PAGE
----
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Pairing: Tester and Other Team Members

A few times over the years, I’ve had the chance to pair with other members on the team to test together. The effectiveness of those sessions seems to vary dramatically based on the person’s role as well as their understanding and interest in testing.

On more than one occasion, I’ve paired briefly with a project manager (PM) who wants to know more about testing, more about the product, or at least more about what remains to be done from the testing team. When I’ve tested with PMs, the time needed to test seems to become clearer to them, which in turn improves our communications and helps us better forecast time expectations. I’ve also found that PMs seem to better realize the technical skills needed of a tester. If I can help a PM deepen his or her understanding of testing, there can be subtle improvements in our ability to work together. These sessions are far more likely to happen when I offer them in a way that’s appealing, such as: “Hey, would you like to watch and listen while I retest a few defects or while I spend my first session with this new feature?”

Database administrators (DBA) are other team members inclined to pair with me especially for isolated sessions focused on data model discrepancies or other pinpointed issues in which they may have a particular interest. I’ve learned plenty from the DBAs and system architects I’ve met over the years. Sometimes in our short sessions together, we can better determine a defect priority as we discuss the two perennial factors: likelihood and impact. It can helpful to gain another point of view for the product, the risks, and the defects.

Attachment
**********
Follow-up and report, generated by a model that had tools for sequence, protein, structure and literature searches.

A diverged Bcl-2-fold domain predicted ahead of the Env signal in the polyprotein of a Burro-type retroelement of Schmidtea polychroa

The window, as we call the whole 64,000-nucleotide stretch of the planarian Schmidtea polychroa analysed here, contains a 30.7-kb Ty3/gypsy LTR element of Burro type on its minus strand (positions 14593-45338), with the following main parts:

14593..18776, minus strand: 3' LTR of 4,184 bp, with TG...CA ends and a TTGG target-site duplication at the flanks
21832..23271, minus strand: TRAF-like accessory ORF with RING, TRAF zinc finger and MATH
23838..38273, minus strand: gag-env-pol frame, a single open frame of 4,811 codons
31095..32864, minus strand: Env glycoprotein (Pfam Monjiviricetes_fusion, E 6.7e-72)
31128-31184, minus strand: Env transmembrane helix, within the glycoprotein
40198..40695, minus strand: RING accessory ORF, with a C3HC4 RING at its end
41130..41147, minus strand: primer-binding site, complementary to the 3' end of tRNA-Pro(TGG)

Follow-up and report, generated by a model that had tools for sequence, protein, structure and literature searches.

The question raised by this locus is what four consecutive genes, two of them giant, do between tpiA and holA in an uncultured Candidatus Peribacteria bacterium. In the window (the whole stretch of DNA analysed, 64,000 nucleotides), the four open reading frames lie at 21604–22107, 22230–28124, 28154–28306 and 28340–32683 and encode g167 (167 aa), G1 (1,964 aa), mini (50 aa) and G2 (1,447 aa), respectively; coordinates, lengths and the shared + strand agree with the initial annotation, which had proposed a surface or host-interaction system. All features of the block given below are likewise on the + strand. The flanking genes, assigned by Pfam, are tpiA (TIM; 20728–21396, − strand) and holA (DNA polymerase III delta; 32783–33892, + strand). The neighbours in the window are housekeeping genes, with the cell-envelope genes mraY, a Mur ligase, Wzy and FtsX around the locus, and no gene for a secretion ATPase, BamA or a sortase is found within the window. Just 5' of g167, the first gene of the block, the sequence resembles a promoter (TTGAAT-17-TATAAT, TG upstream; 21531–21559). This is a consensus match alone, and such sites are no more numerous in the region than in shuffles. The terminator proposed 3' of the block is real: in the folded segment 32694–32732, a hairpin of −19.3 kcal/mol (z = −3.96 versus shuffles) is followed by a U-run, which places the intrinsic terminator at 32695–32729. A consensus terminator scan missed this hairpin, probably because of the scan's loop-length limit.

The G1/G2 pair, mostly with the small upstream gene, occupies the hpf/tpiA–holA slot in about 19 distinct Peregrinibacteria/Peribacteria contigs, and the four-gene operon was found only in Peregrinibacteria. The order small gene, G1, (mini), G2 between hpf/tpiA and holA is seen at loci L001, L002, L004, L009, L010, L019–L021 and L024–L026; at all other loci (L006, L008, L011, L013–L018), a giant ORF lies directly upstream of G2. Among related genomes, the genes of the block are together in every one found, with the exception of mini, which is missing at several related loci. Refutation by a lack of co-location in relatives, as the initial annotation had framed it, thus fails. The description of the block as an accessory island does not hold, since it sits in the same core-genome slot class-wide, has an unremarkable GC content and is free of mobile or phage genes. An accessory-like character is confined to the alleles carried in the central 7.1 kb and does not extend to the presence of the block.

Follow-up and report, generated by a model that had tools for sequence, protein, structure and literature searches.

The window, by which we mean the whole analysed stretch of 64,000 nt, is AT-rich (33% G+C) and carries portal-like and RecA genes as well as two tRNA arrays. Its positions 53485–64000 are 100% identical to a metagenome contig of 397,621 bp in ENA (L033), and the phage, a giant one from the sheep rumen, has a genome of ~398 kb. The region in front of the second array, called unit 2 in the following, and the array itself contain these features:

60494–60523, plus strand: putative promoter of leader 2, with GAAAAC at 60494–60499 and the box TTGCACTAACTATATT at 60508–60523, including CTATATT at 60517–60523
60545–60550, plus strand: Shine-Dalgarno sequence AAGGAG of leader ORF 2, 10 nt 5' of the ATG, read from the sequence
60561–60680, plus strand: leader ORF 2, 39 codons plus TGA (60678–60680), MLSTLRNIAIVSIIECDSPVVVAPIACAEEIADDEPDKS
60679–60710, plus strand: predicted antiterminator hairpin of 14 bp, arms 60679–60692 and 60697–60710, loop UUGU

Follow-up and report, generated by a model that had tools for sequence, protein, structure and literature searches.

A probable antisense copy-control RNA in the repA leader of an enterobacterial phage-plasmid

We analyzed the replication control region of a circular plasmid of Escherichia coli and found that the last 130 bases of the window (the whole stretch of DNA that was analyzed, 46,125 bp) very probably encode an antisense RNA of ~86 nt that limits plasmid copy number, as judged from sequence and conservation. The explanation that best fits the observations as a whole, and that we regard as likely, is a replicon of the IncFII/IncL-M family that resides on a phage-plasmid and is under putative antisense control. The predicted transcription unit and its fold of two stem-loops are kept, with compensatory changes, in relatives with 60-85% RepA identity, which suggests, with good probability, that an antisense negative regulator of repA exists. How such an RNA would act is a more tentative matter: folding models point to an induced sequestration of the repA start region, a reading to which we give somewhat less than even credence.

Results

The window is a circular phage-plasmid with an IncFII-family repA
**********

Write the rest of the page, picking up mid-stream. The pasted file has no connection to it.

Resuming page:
By offering to test with another team member and having a specific test purpose offered, I can often get different team members willing to sit in on a test session with me. I’m not always sure what the outcome will be, but I know I’ve made myself accessible, my testing less mysterious, and heard someone else’s perspective about at least one area of a program.

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